Blog » The Top 10 Ways to Dodge a Decision

The Top 10 Ways to Dodge a Decision

Today’s hyper-fast business markets require making one decision after the other, often without pausing to fully think through the consequences. And as we all know, it only takes one bad decision to tick off your boss, sink a business, or even ruin your day.

If the stress of making decisions has you bouncing off the walls, try playing a fun game we loved as kids — dodgeball. Only in this case, you’re dodging decisions rather than a round, rubber ball. When the decisions are coming at you fast and furious, here are 10 easy dodges to take the heat off and keep you in the game (even if you are playing not to lose).

  1. Show me the data! In today’s information overload world, this is one of the most common decision dodges. Even when overwhelmed with data, leaders can easily say they don’t have enough information to make a decision. So they gather ever more data as a means of delaying decisions while their customers and markets leave them behind.
  2. It’s not my fault. This dodge typically occurs when faced with difficult or unpleasant decisions, or when no easy solution presents itself. It’s also a favorite tactic of managers who fear the disapproval or enmity of their direct reports. When a tough decision presents itself, the decision dodger says, “If it weren’t for (insert name), this never would have happened!” He then enlists others in playing a blame game rather than actually solving the problem. The truly skilled dodger keeps a long list of names on hand at all times.
  3. Let’s kick it upstairs. In this dodge, the individual or team hopes someone will make a decision – as long as it’s not them. The easiest way to pass the buck is to elevate the decision to a higher level and let someone else handle it.
  4. Let’s put our heads together (and do nothing). Have you ever been to a meeting where the discussion goes on and on and nothing ever gets decided? Welcome to decision dodge #4. All the conversation makes people feel like they’re accomplishing something. But at the end of the day, no decision is reached.
  5. Waffles, anyone? This dodge typically occurs in situations with two reasonably clear solutions. Like a kid trying to decide between a chocolate or strawberry ice cream cone; the team waffles back and forth between the two alternatives. Unlike the kid, who eventually chooses a flavor in order to get the cone, the team never quite takes that final step to come up with a decision.
  6. The “yeahbuts.” In this dodge, people have no trouble making decisions. But as soon as they do, someone chimes in with, “Yeah, but…” and proceeds to offer a litany of reasons why the decision shouldn’t be made, thus delaying any action.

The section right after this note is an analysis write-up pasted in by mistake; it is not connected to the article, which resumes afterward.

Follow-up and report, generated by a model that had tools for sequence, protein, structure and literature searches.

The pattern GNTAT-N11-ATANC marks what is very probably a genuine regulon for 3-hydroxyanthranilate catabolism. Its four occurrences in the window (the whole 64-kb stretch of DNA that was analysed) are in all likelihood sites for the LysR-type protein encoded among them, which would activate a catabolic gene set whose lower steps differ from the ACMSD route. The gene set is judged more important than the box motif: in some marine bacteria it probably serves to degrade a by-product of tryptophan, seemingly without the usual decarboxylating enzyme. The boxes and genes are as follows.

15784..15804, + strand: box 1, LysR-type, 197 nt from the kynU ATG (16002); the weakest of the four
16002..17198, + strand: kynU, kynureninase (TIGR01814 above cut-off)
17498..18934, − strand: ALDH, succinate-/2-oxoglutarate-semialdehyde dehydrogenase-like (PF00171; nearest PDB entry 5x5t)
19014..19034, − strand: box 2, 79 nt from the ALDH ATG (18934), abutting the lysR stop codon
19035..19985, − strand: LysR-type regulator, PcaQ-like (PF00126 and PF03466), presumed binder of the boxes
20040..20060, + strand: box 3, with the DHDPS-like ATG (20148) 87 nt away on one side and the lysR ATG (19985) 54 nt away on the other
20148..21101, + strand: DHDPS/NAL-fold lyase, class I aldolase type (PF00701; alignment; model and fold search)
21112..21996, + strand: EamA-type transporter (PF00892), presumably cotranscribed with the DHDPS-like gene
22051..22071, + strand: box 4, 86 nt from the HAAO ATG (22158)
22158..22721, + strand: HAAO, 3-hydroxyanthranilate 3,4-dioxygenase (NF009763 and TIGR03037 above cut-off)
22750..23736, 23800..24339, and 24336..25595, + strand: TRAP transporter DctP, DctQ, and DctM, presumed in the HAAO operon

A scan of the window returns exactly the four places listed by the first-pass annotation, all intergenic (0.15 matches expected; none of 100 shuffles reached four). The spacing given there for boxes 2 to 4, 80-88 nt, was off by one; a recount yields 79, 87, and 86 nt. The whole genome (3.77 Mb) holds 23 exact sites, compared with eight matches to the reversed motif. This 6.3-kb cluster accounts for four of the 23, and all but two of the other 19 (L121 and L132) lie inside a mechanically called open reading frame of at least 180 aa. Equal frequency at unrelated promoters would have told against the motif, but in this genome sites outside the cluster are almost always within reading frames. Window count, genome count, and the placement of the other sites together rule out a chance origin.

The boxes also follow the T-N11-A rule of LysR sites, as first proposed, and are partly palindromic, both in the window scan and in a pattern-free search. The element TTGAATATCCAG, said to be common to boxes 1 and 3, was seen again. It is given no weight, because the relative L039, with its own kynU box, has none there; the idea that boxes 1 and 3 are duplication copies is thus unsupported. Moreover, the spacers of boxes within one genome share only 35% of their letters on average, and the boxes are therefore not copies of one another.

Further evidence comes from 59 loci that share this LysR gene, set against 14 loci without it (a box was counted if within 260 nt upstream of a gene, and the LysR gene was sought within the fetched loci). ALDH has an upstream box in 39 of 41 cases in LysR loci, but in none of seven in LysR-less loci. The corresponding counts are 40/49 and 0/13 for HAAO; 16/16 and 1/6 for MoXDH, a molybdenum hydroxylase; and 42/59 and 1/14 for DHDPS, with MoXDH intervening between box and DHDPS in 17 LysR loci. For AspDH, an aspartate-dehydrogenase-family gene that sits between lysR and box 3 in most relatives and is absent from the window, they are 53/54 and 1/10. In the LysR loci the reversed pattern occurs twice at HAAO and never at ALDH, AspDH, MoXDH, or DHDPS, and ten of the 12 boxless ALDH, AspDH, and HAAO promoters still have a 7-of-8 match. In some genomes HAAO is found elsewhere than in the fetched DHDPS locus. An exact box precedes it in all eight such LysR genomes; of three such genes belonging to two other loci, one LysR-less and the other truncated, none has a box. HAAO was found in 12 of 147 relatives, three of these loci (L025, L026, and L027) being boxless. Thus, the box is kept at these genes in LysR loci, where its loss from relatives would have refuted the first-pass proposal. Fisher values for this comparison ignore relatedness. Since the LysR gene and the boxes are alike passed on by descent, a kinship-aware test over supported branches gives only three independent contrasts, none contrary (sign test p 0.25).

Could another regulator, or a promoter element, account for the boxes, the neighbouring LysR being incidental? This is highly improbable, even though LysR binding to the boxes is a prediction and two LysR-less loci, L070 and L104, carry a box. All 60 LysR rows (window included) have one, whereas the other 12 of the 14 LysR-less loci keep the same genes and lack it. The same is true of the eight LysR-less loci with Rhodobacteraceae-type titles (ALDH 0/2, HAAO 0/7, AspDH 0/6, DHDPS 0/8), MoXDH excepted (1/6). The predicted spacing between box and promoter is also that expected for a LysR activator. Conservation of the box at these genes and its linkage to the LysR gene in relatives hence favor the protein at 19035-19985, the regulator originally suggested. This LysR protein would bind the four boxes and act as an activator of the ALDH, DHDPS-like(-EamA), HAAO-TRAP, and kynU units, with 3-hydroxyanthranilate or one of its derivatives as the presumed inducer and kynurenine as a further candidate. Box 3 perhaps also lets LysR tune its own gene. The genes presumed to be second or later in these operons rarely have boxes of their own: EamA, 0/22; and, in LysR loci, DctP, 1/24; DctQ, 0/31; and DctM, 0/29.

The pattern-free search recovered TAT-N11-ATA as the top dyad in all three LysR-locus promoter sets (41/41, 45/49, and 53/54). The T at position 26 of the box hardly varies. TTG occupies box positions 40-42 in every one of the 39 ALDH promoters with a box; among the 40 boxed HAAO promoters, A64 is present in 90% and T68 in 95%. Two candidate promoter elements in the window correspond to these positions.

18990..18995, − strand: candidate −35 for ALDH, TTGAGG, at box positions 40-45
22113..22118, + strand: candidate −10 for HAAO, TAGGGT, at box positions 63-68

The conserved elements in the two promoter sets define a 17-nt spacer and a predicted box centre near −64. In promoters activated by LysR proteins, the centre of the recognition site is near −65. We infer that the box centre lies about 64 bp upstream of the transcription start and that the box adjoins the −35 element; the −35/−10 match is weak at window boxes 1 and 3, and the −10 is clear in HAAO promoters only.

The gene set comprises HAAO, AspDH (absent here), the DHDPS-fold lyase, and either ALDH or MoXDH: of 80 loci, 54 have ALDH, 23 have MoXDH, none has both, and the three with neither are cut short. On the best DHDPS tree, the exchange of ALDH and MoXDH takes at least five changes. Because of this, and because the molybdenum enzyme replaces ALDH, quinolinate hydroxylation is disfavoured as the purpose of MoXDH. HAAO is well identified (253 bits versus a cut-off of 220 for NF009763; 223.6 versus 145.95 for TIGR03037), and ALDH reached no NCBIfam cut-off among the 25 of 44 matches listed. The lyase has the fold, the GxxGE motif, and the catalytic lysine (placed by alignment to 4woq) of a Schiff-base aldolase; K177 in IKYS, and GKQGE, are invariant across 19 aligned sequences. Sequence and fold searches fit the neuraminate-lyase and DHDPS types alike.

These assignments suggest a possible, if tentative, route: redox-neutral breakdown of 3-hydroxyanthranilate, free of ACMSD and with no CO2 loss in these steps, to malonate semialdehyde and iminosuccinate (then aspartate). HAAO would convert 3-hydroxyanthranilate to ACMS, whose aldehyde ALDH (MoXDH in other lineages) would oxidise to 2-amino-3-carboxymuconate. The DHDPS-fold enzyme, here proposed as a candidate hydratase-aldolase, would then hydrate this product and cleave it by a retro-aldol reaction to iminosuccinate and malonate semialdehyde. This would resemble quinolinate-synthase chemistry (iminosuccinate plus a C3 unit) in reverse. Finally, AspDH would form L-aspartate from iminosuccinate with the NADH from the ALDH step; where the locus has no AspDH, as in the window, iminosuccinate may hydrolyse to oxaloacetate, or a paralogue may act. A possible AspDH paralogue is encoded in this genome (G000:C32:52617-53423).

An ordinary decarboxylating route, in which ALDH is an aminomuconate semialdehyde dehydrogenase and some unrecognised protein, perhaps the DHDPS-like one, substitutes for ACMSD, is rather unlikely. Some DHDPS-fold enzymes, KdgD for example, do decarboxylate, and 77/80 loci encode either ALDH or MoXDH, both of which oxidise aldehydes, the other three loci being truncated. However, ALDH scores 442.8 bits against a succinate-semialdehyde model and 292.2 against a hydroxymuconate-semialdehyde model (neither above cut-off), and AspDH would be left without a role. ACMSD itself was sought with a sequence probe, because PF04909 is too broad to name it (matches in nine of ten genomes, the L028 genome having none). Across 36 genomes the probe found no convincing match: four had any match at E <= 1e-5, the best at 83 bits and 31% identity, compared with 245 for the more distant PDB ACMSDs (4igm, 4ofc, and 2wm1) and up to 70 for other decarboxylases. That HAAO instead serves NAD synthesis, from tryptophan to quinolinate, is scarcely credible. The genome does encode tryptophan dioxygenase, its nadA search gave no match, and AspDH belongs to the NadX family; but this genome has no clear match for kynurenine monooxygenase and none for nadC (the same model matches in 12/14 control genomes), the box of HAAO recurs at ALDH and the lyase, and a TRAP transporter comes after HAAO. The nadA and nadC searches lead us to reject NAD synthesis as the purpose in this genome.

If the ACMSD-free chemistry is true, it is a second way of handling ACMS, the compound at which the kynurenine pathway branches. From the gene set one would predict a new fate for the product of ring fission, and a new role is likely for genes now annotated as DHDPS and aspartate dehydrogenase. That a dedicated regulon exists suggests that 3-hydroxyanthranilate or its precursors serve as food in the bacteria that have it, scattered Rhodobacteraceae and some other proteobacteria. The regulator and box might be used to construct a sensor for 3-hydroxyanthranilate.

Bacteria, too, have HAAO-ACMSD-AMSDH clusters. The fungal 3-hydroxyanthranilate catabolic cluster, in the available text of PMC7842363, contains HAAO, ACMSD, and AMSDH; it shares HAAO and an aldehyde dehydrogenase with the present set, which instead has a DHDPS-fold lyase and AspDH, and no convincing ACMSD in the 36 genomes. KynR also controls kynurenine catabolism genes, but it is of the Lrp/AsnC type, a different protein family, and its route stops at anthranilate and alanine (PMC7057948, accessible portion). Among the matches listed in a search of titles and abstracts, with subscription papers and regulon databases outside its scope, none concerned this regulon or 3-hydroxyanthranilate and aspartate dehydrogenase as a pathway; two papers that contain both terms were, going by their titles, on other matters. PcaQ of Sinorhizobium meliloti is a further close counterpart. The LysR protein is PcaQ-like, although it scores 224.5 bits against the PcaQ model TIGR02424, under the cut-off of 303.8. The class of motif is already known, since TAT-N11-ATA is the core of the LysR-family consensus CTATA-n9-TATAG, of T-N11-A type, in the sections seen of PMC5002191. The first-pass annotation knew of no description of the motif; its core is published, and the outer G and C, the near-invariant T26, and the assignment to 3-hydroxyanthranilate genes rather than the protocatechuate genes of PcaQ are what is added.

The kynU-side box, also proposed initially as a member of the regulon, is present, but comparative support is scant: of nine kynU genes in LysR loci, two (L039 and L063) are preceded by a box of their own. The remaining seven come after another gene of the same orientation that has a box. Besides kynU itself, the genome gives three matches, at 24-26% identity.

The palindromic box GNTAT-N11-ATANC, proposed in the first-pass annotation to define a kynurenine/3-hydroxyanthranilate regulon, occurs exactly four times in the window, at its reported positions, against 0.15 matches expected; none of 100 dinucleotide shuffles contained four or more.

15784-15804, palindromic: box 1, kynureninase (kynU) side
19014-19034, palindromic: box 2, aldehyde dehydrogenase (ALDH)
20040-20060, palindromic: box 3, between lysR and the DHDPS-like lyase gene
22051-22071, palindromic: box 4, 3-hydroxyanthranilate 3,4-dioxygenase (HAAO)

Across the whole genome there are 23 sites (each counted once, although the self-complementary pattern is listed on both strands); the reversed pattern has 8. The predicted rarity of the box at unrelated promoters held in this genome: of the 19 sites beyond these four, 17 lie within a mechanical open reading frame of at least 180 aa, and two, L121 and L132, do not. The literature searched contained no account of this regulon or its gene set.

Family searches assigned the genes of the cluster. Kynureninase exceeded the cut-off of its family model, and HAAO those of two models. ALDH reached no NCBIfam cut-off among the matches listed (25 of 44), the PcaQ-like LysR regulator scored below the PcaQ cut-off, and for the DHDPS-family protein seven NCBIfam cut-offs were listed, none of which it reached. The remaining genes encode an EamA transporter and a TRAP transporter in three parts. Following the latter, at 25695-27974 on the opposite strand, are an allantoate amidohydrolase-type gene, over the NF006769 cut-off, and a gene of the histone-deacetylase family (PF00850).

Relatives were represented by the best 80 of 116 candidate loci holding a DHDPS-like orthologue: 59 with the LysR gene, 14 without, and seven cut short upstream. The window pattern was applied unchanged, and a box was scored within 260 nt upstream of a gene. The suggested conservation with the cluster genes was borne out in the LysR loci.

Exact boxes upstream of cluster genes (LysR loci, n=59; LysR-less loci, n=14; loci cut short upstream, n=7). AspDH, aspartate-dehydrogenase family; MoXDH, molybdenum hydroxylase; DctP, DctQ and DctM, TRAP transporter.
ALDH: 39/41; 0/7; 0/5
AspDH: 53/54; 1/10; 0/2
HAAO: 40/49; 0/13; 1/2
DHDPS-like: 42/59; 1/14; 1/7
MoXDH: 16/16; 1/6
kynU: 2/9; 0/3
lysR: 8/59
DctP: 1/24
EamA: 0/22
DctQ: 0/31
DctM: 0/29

7. Risky business. Most organizations become risk adverse as soon as they begin experiencing success. So when a decision requires stepping outside normal boundaries, procedures, or ways of thinking, people scramble out of the way by saying, “We can’t do that!” Or, “That’s not the way our industry does it.” Or, “What are you thinking? No one does it that way!” This dodge gets played at all levels of the organization.
  8. The self-yeahbut. This one plays out exactly like the regular yeahbut, except that the person making the decision comes up with all the reasons why it shouldn’t be made before anyone else can chime in. This dodge runs rampant in organizations that always punish failure.
  9. The lifeline. Remember the TV show “Who Wants to Be a Millionaire?” When contestants didn’t know the answer, they were allowed to call a friend to get help. Organizations frequently put off making decisions or taking action by calling in a consultant. If the decision goes wrong, they can blame the consultant, preserving everyone’s egos and their jobs.
  10. It’s not my job. The most time-honored and revered of all decision dodges typically occurs when someone not only doesn’t want to make a decision, but also hopes that someone else doesn’t make it. The trick is to dodge the decision as tactfully as possible without actually coming out and saying, “It’s not my job.” In corporate America, this dodge has been elevated to a high art form.

I hope you enjoyed this tongue-in-cheek look at a serious problem for today’s companies. Remember, good humor almost always has some truth in it. If your organization struggles to make timely decisions, start paying attention to how people dodge them. Then develop ways to support people making decisions rather than avoiding them. Dodgeball may be fun for kids, but it’s no way to run a business!

Call to action: Take this list with you into your next meeting and see how many dodges occur and who’s doing the dodging.

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